Things You'll Need
- Original artwork
- Scanner or digital camera
- Color printer
- Screen printing supplies
- Internet access
How to Print Your Art. For many people, owning original works of art is not financially feasible. For many artists, selling a piece for its true value is something that happens infrequently. The middle ground for both groups is to buy and sell art prints. Having your art printed is a wonderful opportunity both for income and exposure, with different sorts of prints suitable for different sorts of purposes. Here are some ideas.
Start with a good quality scan or digital picture of the art to be printed; practically everything in printing starts digitally. The quality should be as high as possible. No matter what print method you choose, the old standard: "garbage in, garbage out" certainly applies.
Printing at home using your laser or ink jet printer is an option for smaller quantities or when you're just starting out. Selecting the best printer you can afford is the first thing to do; one that uses separate ink tanks for each color will save you money in the long run as well as improve the color quality.
For the adventurous, screen printing may have a substantial setup cost for the raw materials, but does afford the artist free reign as far as quantity and quality are concerned. Best suited for simpler uses of line and color, the individual nature of each print increases its value and can be an art form in and of itself.
The quality of copiers has improved to the point that they can be trusted with most single-color line art and even some color pieces. Make sure to get some test copies before committing to a large quantity and explore the various paper options the shop has available.
Print on demand services, usually contracted over the Internet, are becoming increasingly popular choices for artists with little in the way of start-up funds and no space to keep an inventory, much less time to handle selling and shipping. Your profit margin may not be very high on these sorts of prints because the overhead of the printer will take a large share, but the trade-off comes in the form of a built-in distribution system and the lack of monetary risk to the artist.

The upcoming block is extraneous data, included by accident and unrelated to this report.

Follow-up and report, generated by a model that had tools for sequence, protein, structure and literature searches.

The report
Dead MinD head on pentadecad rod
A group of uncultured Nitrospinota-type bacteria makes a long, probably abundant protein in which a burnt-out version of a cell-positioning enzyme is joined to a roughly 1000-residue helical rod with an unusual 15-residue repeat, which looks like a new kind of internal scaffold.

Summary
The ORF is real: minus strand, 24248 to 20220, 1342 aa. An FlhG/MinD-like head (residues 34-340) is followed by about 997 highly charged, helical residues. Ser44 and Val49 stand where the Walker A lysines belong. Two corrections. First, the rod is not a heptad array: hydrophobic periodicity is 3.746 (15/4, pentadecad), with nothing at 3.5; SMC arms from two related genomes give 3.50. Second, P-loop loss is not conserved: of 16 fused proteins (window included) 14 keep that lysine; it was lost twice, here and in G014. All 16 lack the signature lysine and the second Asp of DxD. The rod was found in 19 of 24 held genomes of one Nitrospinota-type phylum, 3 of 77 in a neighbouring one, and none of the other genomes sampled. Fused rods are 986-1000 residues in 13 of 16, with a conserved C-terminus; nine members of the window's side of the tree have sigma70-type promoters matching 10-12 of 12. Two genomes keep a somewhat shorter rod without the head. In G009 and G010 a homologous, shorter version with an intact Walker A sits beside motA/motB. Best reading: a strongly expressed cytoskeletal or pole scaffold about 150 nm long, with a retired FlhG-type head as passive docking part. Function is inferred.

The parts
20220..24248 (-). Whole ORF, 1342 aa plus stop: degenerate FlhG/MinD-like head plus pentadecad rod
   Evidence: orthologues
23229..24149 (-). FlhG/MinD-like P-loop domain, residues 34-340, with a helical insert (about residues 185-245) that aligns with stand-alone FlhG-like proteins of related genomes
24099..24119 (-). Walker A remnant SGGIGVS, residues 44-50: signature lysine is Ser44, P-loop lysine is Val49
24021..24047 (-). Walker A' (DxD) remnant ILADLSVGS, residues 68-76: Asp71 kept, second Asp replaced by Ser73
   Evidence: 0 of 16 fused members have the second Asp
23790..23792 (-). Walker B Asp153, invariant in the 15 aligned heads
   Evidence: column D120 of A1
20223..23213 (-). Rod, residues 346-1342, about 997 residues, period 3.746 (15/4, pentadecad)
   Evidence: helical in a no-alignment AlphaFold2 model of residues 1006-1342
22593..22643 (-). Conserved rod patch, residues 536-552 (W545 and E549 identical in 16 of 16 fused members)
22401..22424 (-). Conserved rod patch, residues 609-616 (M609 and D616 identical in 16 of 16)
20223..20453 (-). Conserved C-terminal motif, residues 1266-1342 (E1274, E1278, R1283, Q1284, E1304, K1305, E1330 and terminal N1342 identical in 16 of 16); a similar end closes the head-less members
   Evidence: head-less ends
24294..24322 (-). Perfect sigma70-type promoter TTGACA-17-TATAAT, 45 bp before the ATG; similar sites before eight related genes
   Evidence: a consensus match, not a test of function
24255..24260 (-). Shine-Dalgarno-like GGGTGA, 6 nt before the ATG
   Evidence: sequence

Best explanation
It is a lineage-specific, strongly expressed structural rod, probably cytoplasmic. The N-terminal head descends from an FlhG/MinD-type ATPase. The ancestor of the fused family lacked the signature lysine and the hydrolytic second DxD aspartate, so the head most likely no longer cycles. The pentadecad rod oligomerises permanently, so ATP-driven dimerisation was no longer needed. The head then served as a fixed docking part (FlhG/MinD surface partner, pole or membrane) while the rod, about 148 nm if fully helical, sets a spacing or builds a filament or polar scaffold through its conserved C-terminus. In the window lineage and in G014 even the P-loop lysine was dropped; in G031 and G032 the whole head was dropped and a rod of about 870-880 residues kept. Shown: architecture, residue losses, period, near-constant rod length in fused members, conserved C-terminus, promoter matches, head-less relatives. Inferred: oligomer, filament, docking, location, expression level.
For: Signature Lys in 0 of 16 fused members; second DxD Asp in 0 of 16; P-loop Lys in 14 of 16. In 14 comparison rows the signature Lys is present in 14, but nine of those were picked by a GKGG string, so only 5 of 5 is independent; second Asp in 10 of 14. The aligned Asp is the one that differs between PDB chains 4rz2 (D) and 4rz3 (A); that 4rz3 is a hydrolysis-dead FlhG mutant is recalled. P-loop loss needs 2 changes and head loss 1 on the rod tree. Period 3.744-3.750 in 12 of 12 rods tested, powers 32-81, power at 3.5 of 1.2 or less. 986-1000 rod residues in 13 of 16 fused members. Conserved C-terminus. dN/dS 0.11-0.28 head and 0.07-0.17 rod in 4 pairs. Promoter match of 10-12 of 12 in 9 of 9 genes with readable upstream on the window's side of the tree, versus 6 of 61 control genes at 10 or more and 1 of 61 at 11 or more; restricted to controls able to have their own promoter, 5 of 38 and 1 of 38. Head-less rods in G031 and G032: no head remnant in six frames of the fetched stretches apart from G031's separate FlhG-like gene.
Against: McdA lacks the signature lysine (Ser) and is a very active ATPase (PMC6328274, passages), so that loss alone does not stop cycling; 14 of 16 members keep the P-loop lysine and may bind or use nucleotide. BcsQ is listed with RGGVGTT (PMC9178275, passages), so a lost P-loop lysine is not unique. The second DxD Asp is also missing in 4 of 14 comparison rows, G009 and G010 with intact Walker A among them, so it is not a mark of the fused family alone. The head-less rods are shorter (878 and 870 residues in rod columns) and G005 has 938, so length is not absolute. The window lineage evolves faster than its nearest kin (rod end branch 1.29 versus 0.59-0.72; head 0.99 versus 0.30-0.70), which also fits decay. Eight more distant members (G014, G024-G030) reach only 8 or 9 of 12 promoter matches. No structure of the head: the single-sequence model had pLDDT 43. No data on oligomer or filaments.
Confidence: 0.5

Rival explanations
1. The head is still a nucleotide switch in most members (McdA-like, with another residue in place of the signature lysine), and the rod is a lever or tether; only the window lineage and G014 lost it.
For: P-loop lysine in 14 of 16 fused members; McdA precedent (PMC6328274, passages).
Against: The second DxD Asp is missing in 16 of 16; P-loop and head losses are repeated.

Commercial printing shops, either local or overseas, will probably be your most expensive option, but can offer a supreme level of quality. Frequently, you will need to place a minimum order to justify the expense. Your per unit cost will decrease the more you buy, but keep in mind that you will then have to store the prints, so make sure not to overbuy.
Price your prints to sell, hitting the low, middle and high price points when possible. Sign and number your prints to increase the value.
Don't sacrifice quality. Just because they are prints, it's still your art and you still need to be proud to have it in circulation.
Growing up, Jennifer consider almost every surface a creative canvas. Anything from the Doonesbury comic books she was given at age 4 to a spare telephone that found itself painted when she was 12. A music stand was an ersatz easel and after highschool she moved onto edible canvases of cakes and cookies. After starting her own webcomic this year, Jennifer spends a lot of her time in front of the computer in 'the Abyss' (craft room/studio/office) trying to balance life and fun and creativity.